Vertically Integrated Budgets of Mass and Energy for the Globe

G. J. Boer Canadian Climate Centre, Downsview, Ontario, Canada M3H 5T4

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Neil E. Sargent Canadian Climate Centre, Downsview, Ontario, Canada M3H 5T4

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Abstract

Large-scale vertically integrated fluxes of mass and energy for the global atmosphere are calculated and displayed from FGGE III-b data. Until recently the global nature of these basic climatological terms could not be obtained because of lack of data, especially in the Southern Hemisphere.

The integrated mass and energy flux vectors are decomposed into mean and transient components and into rotational and divergent parts. The vertically integrated mass and energy fluxes are intimately connected and the rotational component of the energy flux vector is controlled by the rotational component of the mass flux vector.

The divergent part of the net energy flux vector is of particular interest because it connects sources and sinks of energy for the atmosphere. The pattern of these fluxes delineates energy source regions for the atmosphere that are characterized by warm surface temperatures and copious precipitation and energy sink regions that occur over the cold winter continents and cold oceanic regions. The divergent component of the mean energy flux vector links these source and sink regions. At high latitudes the transient component also becomes important.

Internal and potential energy balances are investigated separately and regions of conversion between these forms of energy am delineated. The resulting picture includes the conversion of internal energy to potential energy via rising motions in energy source regions; the net export of energy from these regions associated with the flux of potential energy in the upper troposphere which outweighs the import of internal energy in the lower troposphere; and the conversion of this exported energy to internal energy via descending motions in energy sink regions where the internal energy is, in turn, lost to space by radiation.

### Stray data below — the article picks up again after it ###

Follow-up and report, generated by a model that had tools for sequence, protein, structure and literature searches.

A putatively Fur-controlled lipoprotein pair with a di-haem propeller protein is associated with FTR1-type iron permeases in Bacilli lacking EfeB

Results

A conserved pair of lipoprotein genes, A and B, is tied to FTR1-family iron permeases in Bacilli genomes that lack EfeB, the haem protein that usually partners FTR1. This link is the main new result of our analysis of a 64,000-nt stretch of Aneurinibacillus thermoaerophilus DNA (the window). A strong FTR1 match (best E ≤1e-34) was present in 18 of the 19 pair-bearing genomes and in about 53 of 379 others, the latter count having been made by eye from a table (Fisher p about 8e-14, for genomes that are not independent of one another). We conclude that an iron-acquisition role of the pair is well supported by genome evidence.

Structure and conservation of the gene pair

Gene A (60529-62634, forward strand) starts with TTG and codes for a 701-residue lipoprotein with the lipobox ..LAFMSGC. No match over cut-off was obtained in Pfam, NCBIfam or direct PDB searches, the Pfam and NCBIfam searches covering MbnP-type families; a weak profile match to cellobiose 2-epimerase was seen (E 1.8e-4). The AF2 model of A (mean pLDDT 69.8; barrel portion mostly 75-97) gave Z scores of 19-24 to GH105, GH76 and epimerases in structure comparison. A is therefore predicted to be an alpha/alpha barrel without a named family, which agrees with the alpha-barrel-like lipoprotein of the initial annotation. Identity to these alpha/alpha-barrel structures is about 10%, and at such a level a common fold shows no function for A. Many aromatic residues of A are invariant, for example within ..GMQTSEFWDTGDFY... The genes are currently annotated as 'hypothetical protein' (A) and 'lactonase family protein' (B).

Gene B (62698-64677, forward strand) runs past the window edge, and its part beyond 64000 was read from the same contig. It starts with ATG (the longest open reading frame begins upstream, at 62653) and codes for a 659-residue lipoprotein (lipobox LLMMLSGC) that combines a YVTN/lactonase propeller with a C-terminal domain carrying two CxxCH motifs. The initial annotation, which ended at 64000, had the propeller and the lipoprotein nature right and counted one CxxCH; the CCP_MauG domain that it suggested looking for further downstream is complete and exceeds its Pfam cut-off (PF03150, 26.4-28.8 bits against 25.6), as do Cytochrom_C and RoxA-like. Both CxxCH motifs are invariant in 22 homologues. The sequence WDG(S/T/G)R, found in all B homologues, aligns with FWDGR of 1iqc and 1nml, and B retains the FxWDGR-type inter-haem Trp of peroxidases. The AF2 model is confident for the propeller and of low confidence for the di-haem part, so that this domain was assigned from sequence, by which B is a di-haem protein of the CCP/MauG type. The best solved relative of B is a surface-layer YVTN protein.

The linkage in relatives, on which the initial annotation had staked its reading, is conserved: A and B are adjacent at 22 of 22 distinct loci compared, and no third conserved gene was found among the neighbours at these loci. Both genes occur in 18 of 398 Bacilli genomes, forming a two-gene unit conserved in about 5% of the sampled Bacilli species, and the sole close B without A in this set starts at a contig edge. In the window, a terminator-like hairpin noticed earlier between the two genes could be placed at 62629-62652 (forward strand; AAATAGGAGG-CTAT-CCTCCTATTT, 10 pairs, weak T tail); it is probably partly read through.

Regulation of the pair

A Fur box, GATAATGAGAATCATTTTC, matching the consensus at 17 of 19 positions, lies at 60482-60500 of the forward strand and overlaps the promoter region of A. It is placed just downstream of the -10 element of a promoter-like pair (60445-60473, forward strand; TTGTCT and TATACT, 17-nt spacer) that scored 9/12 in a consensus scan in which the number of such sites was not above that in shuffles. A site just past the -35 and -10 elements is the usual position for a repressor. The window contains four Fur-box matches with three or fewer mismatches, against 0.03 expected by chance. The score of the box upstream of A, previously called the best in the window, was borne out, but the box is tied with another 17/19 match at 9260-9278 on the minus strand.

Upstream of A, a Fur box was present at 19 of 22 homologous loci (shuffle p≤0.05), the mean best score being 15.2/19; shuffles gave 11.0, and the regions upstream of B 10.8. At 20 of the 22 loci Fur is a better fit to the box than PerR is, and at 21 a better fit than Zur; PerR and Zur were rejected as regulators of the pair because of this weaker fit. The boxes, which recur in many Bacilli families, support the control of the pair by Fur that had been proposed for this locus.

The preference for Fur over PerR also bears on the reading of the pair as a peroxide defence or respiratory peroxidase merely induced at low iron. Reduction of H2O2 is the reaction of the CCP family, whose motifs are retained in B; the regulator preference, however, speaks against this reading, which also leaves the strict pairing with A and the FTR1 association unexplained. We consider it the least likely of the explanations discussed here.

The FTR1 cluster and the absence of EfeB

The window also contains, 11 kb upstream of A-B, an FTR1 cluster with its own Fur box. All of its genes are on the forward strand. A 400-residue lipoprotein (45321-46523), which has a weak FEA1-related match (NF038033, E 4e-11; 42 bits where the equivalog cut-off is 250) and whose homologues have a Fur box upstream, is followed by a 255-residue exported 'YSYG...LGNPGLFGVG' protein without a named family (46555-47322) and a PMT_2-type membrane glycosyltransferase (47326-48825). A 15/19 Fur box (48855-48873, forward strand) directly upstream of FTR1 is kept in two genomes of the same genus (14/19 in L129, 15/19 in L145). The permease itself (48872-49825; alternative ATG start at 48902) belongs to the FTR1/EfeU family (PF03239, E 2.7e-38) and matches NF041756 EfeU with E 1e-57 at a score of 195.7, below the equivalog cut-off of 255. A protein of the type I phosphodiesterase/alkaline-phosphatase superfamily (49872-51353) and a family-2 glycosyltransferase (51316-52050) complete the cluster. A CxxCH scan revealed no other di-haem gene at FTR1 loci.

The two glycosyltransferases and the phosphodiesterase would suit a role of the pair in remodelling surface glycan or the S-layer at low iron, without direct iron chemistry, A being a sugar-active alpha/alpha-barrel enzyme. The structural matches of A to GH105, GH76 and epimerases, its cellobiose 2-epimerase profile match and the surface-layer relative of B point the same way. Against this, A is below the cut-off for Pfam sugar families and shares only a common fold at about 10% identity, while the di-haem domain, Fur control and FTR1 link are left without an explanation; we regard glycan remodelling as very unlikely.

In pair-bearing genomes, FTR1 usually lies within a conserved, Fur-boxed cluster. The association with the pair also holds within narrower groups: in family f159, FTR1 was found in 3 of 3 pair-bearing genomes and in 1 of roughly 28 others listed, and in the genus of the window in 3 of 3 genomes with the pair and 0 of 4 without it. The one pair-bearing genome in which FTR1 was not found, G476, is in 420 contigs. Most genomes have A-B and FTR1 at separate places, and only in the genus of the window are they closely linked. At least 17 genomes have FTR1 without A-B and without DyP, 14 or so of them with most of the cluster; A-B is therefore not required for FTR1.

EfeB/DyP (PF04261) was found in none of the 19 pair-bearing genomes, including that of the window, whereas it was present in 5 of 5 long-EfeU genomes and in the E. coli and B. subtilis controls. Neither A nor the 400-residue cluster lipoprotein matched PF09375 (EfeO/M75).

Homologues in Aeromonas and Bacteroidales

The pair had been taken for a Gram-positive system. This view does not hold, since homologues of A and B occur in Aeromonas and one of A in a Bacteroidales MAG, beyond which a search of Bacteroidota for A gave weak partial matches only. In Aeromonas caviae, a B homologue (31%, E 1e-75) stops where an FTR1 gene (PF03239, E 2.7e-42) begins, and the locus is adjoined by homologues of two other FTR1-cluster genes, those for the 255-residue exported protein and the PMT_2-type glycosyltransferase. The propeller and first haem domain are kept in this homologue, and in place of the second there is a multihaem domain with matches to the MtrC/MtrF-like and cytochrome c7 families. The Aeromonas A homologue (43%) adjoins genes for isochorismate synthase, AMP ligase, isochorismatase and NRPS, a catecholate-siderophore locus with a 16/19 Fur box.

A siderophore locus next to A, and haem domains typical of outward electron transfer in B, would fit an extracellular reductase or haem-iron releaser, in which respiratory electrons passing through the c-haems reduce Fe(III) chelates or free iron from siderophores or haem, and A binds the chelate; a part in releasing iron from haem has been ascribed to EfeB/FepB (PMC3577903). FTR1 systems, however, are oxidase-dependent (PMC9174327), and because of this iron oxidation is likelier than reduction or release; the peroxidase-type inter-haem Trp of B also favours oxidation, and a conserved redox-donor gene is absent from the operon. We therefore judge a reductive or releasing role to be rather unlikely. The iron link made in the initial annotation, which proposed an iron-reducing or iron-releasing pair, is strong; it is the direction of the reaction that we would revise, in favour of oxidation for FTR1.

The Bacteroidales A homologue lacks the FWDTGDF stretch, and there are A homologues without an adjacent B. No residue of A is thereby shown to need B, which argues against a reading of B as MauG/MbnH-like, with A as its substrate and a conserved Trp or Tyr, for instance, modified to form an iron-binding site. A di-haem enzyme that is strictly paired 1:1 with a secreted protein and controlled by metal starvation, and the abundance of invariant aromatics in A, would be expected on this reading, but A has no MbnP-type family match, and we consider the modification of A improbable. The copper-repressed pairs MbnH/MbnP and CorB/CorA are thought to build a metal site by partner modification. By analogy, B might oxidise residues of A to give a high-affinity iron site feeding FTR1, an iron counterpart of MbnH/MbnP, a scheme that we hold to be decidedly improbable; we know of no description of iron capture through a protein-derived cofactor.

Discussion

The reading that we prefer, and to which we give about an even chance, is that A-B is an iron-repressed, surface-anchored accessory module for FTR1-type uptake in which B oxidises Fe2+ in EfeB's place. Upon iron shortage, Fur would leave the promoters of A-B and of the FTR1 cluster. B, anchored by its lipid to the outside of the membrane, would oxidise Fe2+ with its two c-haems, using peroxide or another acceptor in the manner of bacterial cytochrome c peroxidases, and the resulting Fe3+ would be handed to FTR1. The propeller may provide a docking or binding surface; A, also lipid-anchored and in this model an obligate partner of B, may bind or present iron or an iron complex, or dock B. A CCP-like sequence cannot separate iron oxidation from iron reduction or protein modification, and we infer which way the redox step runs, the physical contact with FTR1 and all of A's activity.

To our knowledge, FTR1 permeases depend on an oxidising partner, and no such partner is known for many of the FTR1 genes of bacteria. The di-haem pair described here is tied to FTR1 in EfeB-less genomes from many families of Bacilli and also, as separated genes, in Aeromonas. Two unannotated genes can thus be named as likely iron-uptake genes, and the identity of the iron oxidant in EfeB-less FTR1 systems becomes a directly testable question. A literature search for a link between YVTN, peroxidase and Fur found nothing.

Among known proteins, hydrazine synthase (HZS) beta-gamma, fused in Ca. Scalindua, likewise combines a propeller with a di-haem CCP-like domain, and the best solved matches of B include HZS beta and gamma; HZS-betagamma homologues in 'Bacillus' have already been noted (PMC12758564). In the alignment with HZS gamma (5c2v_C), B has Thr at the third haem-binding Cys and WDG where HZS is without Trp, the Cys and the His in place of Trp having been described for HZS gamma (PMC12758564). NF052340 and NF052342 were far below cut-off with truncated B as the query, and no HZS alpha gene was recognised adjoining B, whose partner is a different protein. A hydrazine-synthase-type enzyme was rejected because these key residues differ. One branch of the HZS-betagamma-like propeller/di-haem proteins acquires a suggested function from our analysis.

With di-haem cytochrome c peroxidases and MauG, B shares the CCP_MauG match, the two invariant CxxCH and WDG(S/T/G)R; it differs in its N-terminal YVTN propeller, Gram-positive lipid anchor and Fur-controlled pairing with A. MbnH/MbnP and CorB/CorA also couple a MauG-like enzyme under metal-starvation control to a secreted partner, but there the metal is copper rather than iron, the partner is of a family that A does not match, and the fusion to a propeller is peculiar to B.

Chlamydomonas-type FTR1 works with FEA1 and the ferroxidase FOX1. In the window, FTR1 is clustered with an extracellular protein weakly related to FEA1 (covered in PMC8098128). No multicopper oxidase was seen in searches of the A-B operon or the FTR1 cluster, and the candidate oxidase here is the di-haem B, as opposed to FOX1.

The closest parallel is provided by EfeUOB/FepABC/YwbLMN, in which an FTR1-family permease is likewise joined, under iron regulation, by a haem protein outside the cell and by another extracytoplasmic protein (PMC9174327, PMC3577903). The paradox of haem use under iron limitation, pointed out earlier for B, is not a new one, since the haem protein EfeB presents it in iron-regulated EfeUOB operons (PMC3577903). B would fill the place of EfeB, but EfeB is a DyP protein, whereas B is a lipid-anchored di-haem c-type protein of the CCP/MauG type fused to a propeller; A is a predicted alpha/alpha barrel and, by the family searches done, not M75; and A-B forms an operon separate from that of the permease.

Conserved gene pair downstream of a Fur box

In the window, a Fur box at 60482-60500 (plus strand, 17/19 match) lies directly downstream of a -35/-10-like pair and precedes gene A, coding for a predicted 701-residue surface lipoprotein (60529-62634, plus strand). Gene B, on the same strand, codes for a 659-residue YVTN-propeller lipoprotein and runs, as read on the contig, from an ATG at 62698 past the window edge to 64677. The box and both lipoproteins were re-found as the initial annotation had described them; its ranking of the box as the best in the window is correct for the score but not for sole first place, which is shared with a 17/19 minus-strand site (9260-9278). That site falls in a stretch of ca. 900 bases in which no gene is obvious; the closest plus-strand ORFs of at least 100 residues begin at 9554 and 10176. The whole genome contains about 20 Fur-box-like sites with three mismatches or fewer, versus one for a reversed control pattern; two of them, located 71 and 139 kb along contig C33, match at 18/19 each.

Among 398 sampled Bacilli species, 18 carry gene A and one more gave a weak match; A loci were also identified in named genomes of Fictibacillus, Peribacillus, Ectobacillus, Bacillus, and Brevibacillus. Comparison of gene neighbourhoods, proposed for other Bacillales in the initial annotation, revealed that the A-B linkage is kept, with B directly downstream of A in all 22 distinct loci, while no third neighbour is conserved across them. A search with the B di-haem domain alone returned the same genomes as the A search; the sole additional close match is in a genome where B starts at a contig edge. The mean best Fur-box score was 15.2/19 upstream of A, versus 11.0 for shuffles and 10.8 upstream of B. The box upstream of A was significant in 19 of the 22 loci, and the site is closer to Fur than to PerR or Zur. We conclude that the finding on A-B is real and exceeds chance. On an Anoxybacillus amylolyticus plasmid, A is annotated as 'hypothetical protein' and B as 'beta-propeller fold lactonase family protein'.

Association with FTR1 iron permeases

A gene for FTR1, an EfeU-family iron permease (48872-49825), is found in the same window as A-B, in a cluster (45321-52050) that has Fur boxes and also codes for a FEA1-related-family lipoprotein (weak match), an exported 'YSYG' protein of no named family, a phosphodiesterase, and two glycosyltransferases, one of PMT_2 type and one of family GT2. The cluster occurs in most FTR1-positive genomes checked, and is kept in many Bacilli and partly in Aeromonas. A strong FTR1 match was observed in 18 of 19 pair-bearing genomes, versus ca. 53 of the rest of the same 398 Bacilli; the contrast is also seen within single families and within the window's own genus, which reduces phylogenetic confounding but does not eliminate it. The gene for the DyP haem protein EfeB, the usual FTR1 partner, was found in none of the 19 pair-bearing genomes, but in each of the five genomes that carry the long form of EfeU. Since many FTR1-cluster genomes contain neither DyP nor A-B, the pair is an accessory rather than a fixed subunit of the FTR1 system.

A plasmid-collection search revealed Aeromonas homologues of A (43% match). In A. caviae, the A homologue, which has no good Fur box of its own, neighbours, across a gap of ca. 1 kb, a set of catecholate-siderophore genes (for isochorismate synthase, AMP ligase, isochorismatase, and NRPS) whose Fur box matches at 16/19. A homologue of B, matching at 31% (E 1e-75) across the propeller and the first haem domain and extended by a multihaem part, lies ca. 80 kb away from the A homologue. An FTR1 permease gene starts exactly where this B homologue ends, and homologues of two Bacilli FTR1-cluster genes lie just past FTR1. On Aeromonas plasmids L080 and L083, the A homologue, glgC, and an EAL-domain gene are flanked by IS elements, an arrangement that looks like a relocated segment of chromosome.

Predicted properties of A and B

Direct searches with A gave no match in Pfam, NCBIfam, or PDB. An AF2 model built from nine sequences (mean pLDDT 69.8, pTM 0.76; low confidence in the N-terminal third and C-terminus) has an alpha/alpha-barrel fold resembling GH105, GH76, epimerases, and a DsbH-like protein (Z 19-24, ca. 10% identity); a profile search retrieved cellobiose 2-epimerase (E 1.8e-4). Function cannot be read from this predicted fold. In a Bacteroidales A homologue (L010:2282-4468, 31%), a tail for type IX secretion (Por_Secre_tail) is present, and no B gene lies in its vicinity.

Abstract

Large-scale vertically integrated fluxes of mass and energy for the global atmosphere are calculated and displayed from FGGE III-b data. Until recently the global nature of these basic climatological terms could not be obtained because of lack of data, especially in the Southern Hemisphere.

The integrated mass and energy flux vectors are decomposed into mean and transient components and into rotational and divergent parts. The vertically integrated mass and energy fluxes are intimately connected and the rotational component of the energy flux vector is controlled by the rotational component of the mass flux vector.

The divergent part of the net energy flux vector is of particular interest because it connects sources and sinks of energy for the atmosphere. The pattern of these fluxes delineates energy source regions for the atmosphere that are characterized by warm surface temperatures and copious precipitation and energy sink regions that occur over the cold winter continents and cold oceanic regions. The divergent component of the mean energy flux vector links these source and sink regions. At high latitudes the transient component also becomes important.

Internal and potential energy balances are investigated separately and regions of conversion between these forms of energy am delineated. The resulting picture includes the conversion of internal energy to potential energy via rising motions in energy source regions; the net export of energy from these regions associated with the flux of potential energy in the upper troposphere which outweighs the import of internal energy in the lower troposphere; and the conversion of this exported energy to internal energy via descending motions in energy sink regions where the internal energy is, in turn, lost to space by radiation.

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